Yoga, she adds, "is finding freedom and peace and whatever experience you're in right now. And it takes a lot of practice. It takes a lot of practice to find that. The movement of competitive yoga is based on, ‘You're not okay. You're supposed to be better.'"

Here it is important to make a distinction: the word "yoga" as many people use it (and as this article has largely been using it) does not simply refer to the postures. Yoga has eight components — called limbs — each of which is a guideline of sorts to how to live one's life. Those include limbs corresponding to areas including ethics, self-discipline, and meditation. Asana, the practice of yoga postures, is only one limb. In its Take Back Yoga campaign, the Hindu American Foundation has emphasized this point: that divorcing the postures from yoga's other aspects perverts it.

"What we're trying to say is that the holistic practice of yoga goes beyond just a couple of asanas [postures] on a mat. It is a lifestyle, and it's a philosophy," the foundation's founder, Sheetal Shah, told NPR in 2012. "How do you lead your life in terms of truthfulness? And nonviolence? And purity? The lifestyle aspect of yoga has been lost."

The organizers of the championships have not lost sight of this. The name of the competition itself is the National Yoga Asana Championships — by definition, it's focusing on just one of yoga's limbs. A competition involving other aspects of yoga, like pranayama (breath control) would be something else entirely.

Whether competitive yoga will really take off in the US remains an open question. One serious problem, of course, is the sex scandal. Will people want to get involved with an activity that's so closely connected to a man accused of rape?

Relatedly, another issue that competitive yoga faces in the US is expanding beyond its Bikram-heavy community to bring in other schools of yoga, like ashtanga. Lisa Ingle Stevens said this is already happening.

"Every year that percentage [of Bikram practitioners] is being balanced with other people," she said.

Rajashree Choudhury also says that she wants other schools of yoga to feel welcome at the competition. "I'm reaching out," she said. "I want other communities to join."

Competitive yoga also faces a practical hurdle: its imperfect scoring system.

As with figure skating and gymnastics, yoga is subjective. Competitors must perform particular feats and are judged based on a rubric of what a posture should look like. A backbend that kinks the spine into more of a V shape than a U shape, even forgetting to announce a posture before doing it — any of these can ruin an athlete's chances at winning.

And that scoring system is deeply flawed, says Esak Garcia, a former international yoga champion and one of the judges at this year's US competition.

"To the kids at school it's not really a surprising thing. It's another sport I do."

"We really need to devise an all-new scoring system," he says.

One of his biggest complaints is that though poses start at a total of 10 potential points, the system doesn't always allow for 10 points' worth of deductions.

For example, stretching pose, where the person sits and reaches for her toes, bending her head down toward her legs, the rubric only lists six possible half-point deductions. Factor in the additional half-point deductions that can happen in any pose for "trembling" or "labored breathing," plus the additional potential point off for "greater movement" (none of which are likely in this posture, especially at the national level), and the lowest a person could get, according to the rubric, is a 5 out of 10. So if a judge decided to give less than a five, he couldn't explain it fully.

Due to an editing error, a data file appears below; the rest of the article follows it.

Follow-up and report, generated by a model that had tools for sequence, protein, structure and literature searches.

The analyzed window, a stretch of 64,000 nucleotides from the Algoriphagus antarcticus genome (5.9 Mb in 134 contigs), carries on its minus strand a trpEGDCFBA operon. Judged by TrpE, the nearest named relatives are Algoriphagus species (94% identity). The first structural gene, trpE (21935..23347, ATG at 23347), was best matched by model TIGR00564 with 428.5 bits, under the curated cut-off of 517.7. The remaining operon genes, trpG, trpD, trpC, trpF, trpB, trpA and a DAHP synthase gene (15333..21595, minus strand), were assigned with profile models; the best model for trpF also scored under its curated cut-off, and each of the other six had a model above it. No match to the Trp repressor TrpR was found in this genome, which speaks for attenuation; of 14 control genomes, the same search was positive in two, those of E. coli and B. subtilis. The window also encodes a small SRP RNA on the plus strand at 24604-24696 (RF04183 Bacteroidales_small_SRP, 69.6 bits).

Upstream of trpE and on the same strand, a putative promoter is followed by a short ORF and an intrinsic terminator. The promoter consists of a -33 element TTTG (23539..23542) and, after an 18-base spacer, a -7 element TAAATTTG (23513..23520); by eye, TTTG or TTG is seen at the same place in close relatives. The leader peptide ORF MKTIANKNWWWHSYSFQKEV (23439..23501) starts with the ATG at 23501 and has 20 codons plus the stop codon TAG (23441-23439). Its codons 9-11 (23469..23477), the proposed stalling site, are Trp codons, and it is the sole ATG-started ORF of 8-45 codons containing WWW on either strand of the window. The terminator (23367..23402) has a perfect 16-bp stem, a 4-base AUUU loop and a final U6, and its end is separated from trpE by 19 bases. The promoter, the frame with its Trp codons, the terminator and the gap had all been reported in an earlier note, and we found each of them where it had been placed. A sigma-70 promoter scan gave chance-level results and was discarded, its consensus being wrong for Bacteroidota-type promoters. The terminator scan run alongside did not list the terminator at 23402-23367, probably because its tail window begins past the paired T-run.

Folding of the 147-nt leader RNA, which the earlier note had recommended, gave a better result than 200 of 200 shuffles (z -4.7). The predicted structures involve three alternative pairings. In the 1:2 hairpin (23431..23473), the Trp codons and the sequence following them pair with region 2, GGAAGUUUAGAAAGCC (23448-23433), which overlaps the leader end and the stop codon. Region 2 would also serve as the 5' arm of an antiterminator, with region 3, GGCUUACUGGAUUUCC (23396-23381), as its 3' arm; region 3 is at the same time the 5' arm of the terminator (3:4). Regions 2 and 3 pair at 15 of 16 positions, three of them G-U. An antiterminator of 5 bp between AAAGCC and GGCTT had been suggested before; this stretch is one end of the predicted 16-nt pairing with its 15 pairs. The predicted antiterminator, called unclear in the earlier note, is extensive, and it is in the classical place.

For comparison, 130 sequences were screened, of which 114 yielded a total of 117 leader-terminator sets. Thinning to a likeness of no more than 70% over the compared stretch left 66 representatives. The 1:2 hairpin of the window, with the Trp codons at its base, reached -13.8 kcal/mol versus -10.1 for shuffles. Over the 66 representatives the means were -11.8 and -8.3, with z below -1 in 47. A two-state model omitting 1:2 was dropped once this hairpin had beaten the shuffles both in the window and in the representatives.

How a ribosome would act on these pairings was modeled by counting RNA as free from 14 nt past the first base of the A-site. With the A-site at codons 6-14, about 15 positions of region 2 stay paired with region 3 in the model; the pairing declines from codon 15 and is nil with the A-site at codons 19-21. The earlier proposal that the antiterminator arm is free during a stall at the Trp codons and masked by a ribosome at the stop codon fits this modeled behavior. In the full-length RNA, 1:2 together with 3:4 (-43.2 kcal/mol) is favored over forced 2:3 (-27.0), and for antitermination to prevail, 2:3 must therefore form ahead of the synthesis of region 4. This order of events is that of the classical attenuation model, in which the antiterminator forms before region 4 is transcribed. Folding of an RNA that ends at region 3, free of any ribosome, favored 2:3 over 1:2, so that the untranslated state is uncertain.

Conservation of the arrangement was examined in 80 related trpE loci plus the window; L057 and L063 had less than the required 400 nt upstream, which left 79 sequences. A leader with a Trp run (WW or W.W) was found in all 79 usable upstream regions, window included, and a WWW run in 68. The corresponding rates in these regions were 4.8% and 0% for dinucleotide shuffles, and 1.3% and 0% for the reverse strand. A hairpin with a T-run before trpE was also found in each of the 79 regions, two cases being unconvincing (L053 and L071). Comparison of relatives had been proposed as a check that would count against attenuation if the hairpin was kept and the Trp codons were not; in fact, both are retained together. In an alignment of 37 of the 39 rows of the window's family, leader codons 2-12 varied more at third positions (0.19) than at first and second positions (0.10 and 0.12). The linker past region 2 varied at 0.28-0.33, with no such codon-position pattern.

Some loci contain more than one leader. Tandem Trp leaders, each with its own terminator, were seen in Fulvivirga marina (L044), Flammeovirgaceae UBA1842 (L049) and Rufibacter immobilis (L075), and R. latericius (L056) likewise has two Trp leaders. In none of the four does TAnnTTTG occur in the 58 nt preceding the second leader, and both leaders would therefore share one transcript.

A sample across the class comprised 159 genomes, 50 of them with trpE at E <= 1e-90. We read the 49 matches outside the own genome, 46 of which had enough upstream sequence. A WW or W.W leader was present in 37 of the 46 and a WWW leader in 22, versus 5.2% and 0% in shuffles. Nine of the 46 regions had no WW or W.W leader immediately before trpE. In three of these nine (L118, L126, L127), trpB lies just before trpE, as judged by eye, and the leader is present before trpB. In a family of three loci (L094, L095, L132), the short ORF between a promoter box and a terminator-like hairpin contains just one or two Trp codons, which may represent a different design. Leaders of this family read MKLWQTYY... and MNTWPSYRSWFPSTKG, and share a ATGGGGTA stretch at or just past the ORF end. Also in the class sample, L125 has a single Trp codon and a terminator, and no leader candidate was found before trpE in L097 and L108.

"We need to make it so that every single point can be justified," he says.

Gianna Purcell competes at the 2013 USA Yoga Asana National Championships (USA Yoga)

Some of the athletes dislike the scoring system, too. When I ask one of the men's competitors whether he and his peers often disagree with their scores, he nods enthusiastically before I can even finish the question.

"Oh yeah," he says. "All the time."

Yet another obstacle competitive yoga faces is getting people interested in it at a young age. For now, only a few are. At the 2014 national championships, only 13 girls and one boy end up competing in the youth division.

One of those girls is Jamie Rellstab, a 14-year-old from tiny Pinedale, Wyoming. About an hour before the competition, she sits on the floor in a corner of the theater lobby balcony, leaning against a bench, between the shins of a friend who is intently braiding and spraying her hair.

Though she's one of relatively few youth yoga competitors nationwide, she says that at her high school her friends don't see her extracurricular as particularly out of place.

"To the kids at school it's not really a surprising thing. It's another sport I do."

That said, she and the other youth competitors make it look like less taxing of a sport than the adults do. Where the adults slowly ease into poses that look altogether painful, the limber preteens and teenagers seem much more able to easily slip into many poses, particularly deep backbends. Later, when Jamie takes the stage, she will perform locust to scorpion: lying on her stomach, she will push her arms into the ground at her sides and lift her legs up and forward, bending her back until her feet eventually come to rest on her head.

Rajashree Choudhury says getting more kids interested in doing yoga onstage is about changing society's perspective of what yoga is.

"Every day we have to have a challenge and we are actually dealing with really the awareness and understanding and knowledge of the public," she says. "The public cannot learn everything in one day. They cannot change their mindset overnight. I think we are on a very good positive path."

That is Choudhury's perspective, but the Jamie Rellstabs of the world will get to decide exactly where yoga's path leads. If competitive yoga is to grow, more people in younger generations will have to decide they want to go to the local yoga studio instead of the soccer field.

Editor: Eleanor Barkhorn
Designer: Uy Tieu
Developer: Yuri Victor
Lead image: USA Yoga


How millennials learned to dread motherhood

Even Better

It’s okay to suck when you try something new

Even Better

What to know about the new FAFSA

View all stories in Life